The idea for Google’s new search result, in-depth articles, may have sparked last year when Google selected 150 people to take part in an experiment. For three days, Google randomly texted participants eight times a day to ask them, “What did you want to know recently?”
This was an effort to uncover the things that people need to know but don’t consider using Google to find. This research is also likely connected to Google’s newest algorithm change, Hummingbird.
Both the in-depth article results and Hummingbird seem to follow the same pattern: Google is trying to return results that provide not just what people are looking for, but also why they are looking for it.
Google doesn’t want to provide search results. Google wants to provide answers.
According to Google, “Users often turn to Google to answer a quick question, but research suggests that up to 10% of users’ daily information needs involve learning about a broad topic. That’s why today we’re introducing new search results to help users find in-depth articles.”
So what does this mean for content marketers? Well, if you want to create a content plan for appearing in the in-depth article results, you may consider taking Google up on a few of its suggestions, like:
- Use schema article markup
- Use Google Authorship markup
- Use proper coding for paginated articles
- Use schemas to highlight your organization’s logo
- Create compelling in-depth content
This makes it sound like content marketers have an opportunity to follow these guidelines and get their content to appear in the in-depth search results. But it may not be as easy as it sounds.
I did some research to see which of the above factors (and a few others) actually impact the results — and to determine if content marketers can, and should, try to optimize their content plan in order to appear as in-depth articles.
To gather a broad scope of search results, I performed six searches, looking at a variety of keywords across a range of topic types:
- Very vague topics: beach and snow
- Academic topics: censorship and foreign policy
- Brands: Chipotle and Walmart
Turns out optimizing for in-depth article search results is more complicated than it seems.
Publisher status and page rank
On The Official Google Search blog, Pandu Nayak mentions how publisher status factors into the in-depth search results: “In addition to well-known publishers, you’ll also find some great articles from lesser-known publications and blogs.”
But the search results tell another story. Of my six searches, only one had a page rank lower than 7 (it was 6). Fourteen out of 18 web pages had a page rank of 8 or 9.
The New York Times, the only publisher with a page rank of 9, appeared most frequently, appearing in all but one search (search term: Chipotle). Among the results, only three were publishers I was previously unfamiliar with: Gigaom (PR 8), Grist (PR 7), and Audubon (PR 6). Big names dominated the rest of the list:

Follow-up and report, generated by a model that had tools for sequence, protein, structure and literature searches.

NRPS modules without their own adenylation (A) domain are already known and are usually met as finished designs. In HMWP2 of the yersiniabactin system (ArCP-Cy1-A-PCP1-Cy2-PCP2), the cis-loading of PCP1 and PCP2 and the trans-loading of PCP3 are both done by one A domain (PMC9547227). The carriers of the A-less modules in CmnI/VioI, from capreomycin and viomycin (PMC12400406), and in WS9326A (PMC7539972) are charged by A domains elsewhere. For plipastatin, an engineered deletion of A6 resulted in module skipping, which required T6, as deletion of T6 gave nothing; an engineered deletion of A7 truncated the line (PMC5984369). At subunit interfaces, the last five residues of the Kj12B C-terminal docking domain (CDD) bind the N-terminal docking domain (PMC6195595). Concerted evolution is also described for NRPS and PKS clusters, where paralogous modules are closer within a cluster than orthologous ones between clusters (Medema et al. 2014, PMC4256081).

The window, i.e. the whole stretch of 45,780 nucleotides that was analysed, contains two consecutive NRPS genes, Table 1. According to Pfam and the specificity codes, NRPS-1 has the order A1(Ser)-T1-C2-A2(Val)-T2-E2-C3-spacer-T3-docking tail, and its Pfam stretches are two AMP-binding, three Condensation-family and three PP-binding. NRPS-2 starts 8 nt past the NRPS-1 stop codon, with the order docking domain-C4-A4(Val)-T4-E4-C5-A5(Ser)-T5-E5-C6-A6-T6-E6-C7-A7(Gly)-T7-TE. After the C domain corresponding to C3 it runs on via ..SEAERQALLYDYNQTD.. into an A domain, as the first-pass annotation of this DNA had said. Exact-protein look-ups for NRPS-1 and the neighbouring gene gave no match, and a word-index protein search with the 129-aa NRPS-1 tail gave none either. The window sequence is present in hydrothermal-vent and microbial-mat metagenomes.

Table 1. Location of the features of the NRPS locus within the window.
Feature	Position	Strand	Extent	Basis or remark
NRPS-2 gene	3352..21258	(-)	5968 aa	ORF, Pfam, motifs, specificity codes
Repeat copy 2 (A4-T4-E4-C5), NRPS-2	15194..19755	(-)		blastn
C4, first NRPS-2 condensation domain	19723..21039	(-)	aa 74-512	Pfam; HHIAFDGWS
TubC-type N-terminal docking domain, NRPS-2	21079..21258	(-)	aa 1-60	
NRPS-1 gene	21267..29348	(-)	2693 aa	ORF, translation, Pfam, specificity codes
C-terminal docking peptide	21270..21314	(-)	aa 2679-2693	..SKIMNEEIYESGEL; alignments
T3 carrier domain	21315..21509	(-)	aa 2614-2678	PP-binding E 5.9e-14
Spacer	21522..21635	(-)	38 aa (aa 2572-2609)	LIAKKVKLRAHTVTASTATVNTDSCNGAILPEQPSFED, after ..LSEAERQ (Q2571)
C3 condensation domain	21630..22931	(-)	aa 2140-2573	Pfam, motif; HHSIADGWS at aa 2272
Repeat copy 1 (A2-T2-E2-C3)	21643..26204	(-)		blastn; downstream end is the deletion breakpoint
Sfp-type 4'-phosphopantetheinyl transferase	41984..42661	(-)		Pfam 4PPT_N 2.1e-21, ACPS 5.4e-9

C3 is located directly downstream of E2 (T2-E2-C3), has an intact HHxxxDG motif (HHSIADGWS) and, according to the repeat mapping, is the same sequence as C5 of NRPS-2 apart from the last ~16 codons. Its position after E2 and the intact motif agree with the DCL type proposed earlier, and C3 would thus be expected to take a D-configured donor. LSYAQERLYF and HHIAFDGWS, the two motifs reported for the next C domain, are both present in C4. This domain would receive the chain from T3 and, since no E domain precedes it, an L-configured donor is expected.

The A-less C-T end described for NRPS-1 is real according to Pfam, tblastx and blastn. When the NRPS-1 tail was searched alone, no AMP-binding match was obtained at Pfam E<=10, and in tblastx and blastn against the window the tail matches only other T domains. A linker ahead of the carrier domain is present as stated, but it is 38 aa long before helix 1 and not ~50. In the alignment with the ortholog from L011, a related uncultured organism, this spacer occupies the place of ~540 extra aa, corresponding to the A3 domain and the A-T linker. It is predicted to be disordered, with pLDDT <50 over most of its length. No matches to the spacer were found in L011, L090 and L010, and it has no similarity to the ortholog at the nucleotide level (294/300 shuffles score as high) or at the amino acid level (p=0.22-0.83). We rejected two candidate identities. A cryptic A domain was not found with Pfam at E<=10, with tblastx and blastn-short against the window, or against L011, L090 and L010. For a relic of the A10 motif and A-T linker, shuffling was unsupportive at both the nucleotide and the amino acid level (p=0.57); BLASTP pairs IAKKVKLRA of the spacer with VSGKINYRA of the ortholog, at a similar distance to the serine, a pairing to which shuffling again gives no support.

- The New York Times (appeared five times)
- The New Yorker (appeared twice)
- The Atlantic (appeared twice)
- The Wall Street Journal
- New York Magazine
- Vanity Fair
- Fast Company
- Bloomberg Business Week
Forbes published research on the same topic and found that, in 505 search queries, The New York Times appeared in 25.3 percent of the results. The Wall Street Journal was in second with 8.0 percent, and The New Yorker and The Atlantic trailed with 5.7 percent and 5.6 percent, respectively.
Five of the publishers that appeared in my results appeared in the Forbes Top 10 list that made up 65 percent of its search results.
Findings: So far it doesn’t look like “lesser-known publications and blogs” have much of a chance to appear as in-depth articles. Considering The New York Times, with a page rank of 9, showed up most in search, it does appear that high page rank plays a big role in results.
Google Authorship Markup
Google suggested that publishers “provide Authorship markup” in order to increase the odds of appearing in in-depth search results.
But of the 18 articles I pulled, none of them had proper authorship citations according to the Google Structured Data Testing Tool. Seven came back with the Authorship Testing Result, “Authorship is not working for this webpage.” And 11 returned results that “Page does not contain Authorship markup.”
When searching for the titles in Google, I did find two articles that appeared to include authorship in the search results. But for reasons unknown to me, the structured data tool went against that finding.
Findings: It doesn’t appear that authorship is weighing heavily on Google’s selection for in-depth content.
The above-referenced Google blog post by Pandu Nayak also stated, “I’m happy to see people continue to invest in thoughtful in-depth content that will remain relevant for months, or even years after publication.” This indicates that the in-depth results may include articles with older post dates.
The Forbes research also looked at this factor. It found that only 10.1 percent of 1,141 article results were from 2008 or earlier. The oldest dated back to 1979, which was post-dated for an article originally published in Business Week.